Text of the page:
The appellate court rejected the contractor’s argument. The court noted that prior to consideration of awarding damages based on lost value, as opposed to the cost of repair, proof must be offered on both the cost of repair and the diminution in value.

Since diminution in value is an alternative measure of damages, the burden was on the contractor (and not the homeowner) to demonstrate that the cost of repair was unreasonable and the diminution in value was the appropriate measure of damages. Since the contractor did not present sufficient evidence to show the cost of repair to be disproportionate to the diminution in value, the appellate court held that the trial court should have awarded the homeowner the cost of repairs and remanded the case for a further determination of those costs.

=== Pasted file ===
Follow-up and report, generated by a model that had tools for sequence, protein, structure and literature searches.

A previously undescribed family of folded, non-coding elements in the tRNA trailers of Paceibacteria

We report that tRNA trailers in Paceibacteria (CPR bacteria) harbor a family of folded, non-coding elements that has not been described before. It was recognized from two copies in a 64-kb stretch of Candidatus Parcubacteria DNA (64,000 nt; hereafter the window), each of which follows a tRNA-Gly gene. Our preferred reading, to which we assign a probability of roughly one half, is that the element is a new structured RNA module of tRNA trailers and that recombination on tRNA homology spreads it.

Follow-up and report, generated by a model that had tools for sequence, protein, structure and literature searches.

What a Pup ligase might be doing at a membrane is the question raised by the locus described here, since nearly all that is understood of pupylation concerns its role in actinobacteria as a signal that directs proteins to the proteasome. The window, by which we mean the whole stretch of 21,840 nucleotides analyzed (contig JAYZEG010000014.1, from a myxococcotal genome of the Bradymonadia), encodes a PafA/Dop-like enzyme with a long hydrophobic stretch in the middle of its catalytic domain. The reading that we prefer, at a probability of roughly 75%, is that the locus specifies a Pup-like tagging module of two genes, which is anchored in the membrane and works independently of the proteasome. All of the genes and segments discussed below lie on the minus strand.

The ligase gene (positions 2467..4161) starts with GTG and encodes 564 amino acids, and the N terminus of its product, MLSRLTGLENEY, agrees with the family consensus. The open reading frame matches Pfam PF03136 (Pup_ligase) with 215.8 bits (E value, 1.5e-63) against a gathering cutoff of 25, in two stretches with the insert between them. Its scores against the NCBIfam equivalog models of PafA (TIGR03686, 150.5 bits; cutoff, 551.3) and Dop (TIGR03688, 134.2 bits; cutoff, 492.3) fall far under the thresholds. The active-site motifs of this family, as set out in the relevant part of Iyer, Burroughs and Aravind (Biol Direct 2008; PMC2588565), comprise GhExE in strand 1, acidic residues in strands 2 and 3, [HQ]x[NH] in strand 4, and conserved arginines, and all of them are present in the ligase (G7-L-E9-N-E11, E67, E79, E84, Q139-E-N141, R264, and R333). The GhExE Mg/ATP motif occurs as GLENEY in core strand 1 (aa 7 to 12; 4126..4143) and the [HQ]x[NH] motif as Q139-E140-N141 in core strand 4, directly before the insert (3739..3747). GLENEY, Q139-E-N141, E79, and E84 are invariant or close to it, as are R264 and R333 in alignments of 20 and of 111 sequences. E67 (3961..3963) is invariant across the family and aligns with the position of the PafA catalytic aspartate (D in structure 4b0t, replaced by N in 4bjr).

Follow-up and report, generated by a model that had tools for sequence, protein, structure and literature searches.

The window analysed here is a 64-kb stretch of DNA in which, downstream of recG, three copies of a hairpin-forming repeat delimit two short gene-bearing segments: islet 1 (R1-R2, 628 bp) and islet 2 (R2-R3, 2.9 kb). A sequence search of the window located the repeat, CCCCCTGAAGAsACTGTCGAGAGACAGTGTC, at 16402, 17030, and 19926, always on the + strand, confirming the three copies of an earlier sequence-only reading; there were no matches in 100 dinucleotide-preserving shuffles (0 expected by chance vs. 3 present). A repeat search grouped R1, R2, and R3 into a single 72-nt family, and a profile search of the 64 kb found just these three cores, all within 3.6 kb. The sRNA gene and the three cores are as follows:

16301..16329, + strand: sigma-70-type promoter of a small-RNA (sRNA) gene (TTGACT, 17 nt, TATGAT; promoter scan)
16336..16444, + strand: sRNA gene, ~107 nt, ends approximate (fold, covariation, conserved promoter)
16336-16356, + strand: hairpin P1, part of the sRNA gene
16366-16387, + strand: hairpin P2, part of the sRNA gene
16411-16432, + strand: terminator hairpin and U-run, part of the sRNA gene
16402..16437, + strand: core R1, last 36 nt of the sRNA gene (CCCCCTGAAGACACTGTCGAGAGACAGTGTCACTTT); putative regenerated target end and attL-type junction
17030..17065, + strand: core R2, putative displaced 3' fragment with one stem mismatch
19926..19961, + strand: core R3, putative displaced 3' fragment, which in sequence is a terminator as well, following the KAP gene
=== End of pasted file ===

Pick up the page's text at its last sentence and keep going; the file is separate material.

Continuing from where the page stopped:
At least in Tennessee, parties to construction disputes involving damage to real property should consider the appellate court’s approach to the award of damages when evaluating and litigating disputes. The damaged party in such disputes does not carry the burden to demonstrate that repair costs are reasonable or that the diminution in value is less than the cost to repair. If a party intends to rely on the diminution in value as the measure of damages, that party must be prepared to present evidence that, at a minimum, (1) shows that repairs are unfeasible or repair costs are unreasonable and (2) is sufficient to show the actual loss in value of the real property.